HKMA’s latest move to protect Hong Kong's currency peg to the greenback

Hong Kong's local currency (HKD) has been pegged to the greenback (USD) since 1983.

HKMA’s latest move to protect Hong Kong's currency peg to the greenback
A taxi drives in front of skyscrapers at the central business district, including AIA Central, China Construction Bank (CCB) Tower, Bank of China Tower, Cheung Kong Centre, HSBC and Standard Chartered Bank headquarters, in Hong Kong, China August 17, 2021. REUTERS/Tyrone Siu

The backstory: Hong Kong's local currency (HKD) has been pegged to the greenback (USD) since 1983. This helps keep the currency stable, meaning more people will park their investments in Hong Kong, which has helped it become a global financial hub. The ideal range is to keep it valued between HK$7.75 and HK$7.85 against the USD. This trading band for the peg was set in 2005.

But the HKD has been facing challenges. There's been a constant outflow of capital as the USD goes up, which has caused HKD's value to drop. But, Hong Kong has a backup plan in the form of its Exchange Fund – one of the biggest financial reserves in the world.

More recently: Because there's been a gap between the interest rates in Hong Kong and the US, traders have been doing something called "carry trades." That means they move money out of Hong Kong to take advantage of the better returns from the relatively higher US interest rates, putting extra pressure on Hong Kong's currency and hurting the economy.

To stop the currency from dropping too much, the Hong Kong Monetary Authority (HKMA) has been buying up HKD since the US started hiking rates in March 2022. It did this 41 times in 2022, spending HK$242.08 billion (around US$31 billion) to keep the currency's value pegged to the USD within the trading band.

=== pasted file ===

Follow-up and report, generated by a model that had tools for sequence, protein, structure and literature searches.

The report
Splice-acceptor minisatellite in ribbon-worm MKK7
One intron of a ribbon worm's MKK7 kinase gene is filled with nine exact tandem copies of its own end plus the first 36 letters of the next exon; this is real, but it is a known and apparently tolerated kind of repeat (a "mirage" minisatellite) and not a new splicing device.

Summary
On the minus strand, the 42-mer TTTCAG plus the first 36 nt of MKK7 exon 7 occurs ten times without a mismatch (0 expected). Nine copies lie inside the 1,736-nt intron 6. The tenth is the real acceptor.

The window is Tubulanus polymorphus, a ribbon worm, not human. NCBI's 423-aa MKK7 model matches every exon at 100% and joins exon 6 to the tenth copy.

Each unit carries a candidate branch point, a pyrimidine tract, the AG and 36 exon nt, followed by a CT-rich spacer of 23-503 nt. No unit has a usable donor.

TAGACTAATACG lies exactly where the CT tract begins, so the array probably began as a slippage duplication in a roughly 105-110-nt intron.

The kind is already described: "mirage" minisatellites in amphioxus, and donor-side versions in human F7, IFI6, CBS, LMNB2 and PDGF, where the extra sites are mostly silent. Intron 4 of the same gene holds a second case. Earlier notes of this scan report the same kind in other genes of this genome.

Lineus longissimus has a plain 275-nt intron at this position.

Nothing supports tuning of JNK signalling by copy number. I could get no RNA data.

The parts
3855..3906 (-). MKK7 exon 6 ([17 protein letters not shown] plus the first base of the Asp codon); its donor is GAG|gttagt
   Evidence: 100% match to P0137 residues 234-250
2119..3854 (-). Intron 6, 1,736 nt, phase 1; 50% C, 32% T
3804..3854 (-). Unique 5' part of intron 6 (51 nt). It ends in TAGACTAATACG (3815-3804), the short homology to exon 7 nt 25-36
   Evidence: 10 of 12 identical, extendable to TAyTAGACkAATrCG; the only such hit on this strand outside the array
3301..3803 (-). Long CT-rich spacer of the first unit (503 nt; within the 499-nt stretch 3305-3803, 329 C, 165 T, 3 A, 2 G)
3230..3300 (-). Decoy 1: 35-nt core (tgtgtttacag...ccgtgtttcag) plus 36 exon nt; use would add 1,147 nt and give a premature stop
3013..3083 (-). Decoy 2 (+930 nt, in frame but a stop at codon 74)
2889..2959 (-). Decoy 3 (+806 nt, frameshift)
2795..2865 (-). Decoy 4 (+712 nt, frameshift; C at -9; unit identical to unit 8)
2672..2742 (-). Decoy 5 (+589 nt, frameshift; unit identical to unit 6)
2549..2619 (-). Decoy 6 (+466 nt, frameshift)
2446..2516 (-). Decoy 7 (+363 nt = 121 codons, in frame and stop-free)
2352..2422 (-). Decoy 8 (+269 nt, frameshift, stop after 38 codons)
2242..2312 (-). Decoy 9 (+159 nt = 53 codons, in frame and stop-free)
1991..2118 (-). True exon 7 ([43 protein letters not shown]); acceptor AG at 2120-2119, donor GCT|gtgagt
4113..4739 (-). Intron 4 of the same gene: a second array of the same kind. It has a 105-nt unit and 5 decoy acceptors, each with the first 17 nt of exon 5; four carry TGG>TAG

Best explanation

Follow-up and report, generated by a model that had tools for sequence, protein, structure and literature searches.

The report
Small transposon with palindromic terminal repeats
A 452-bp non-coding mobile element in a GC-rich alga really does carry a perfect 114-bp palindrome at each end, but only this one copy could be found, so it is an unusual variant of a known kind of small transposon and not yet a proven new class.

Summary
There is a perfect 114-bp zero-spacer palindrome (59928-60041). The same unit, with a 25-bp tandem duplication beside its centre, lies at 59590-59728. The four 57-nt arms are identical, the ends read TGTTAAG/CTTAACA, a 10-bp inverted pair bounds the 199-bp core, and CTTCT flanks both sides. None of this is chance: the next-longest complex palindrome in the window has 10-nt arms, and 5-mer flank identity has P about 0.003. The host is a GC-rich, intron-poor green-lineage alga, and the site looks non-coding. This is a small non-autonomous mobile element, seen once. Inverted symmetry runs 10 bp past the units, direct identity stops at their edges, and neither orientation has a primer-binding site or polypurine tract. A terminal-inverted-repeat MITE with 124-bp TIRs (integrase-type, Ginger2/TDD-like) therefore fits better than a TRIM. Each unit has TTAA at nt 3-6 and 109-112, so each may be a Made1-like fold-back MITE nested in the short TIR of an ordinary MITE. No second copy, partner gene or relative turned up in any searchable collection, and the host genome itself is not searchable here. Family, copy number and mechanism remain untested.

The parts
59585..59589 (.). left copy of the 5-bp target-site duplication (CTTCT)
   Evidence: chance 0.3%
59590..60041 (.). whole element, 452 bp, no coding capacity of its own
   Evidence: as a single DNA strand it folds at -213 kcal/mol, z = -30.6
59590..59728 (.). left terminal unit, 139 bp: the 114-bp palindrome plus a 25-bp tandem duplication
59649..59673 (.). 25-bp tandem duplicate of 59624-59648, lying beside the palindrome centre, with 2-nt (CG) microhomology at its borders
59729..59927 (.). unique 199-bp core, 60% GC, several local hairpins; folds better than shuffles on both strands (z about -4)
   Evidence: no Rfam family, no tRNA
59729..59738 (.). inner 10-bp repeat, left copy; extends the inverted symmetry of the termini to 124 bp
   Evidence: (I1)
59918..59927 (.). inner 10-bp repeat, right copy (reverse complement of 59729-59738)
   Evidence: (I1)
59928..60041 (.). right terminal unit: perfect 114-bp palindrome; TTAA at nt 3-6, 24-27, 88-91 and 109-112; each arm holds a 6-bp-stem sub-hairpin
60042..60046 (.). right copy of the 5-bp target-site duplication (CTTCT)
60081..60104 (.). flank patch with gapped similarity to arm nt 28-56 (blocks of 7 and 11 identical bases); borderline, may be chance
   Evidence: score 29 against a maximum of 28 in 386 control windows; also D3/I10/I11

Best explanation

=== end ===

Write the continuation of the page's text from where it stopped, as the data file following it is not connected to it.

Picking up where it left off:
The development: On Wednesday, the HKMA stepped in and bought HK$4.22 billion (about US$538 million) and then sold an equal amount of US currency to keep the peg in the range. Experts expect the local currency to regain strength with China's reopening causing more demand for HKD returns.

Key comments:

"The Hong Kong dollar weakening is likely to be short-lived," said Samuel Tse, an economist at DBS Bank in Hong Kong. "When the demand for Hong Kong dollar assets returns amid China's reopening, the local currency will strengthen again."

"Despite the heavy loss last year, the Exchange Fund still has a size of over HK$4 trillion, which can support the local currency and maintain the peg," said HKMA CEO Eddie Yue Wai-man in a Legislative Council meeting last week. "The public do not need to worry about the Exchange Fund's losses – they should take a long-term view of the investment."

"Some investors may be selling Hong Kong dollars and buying other assets," said Robert Lee Wai-wang, a lawmaker representing the financial sector in the city. "However, the situation should not cause any alarm. Any measures that the HKMA adopts should bring the Hong Kong dollar exchange rate to within the normal trading band."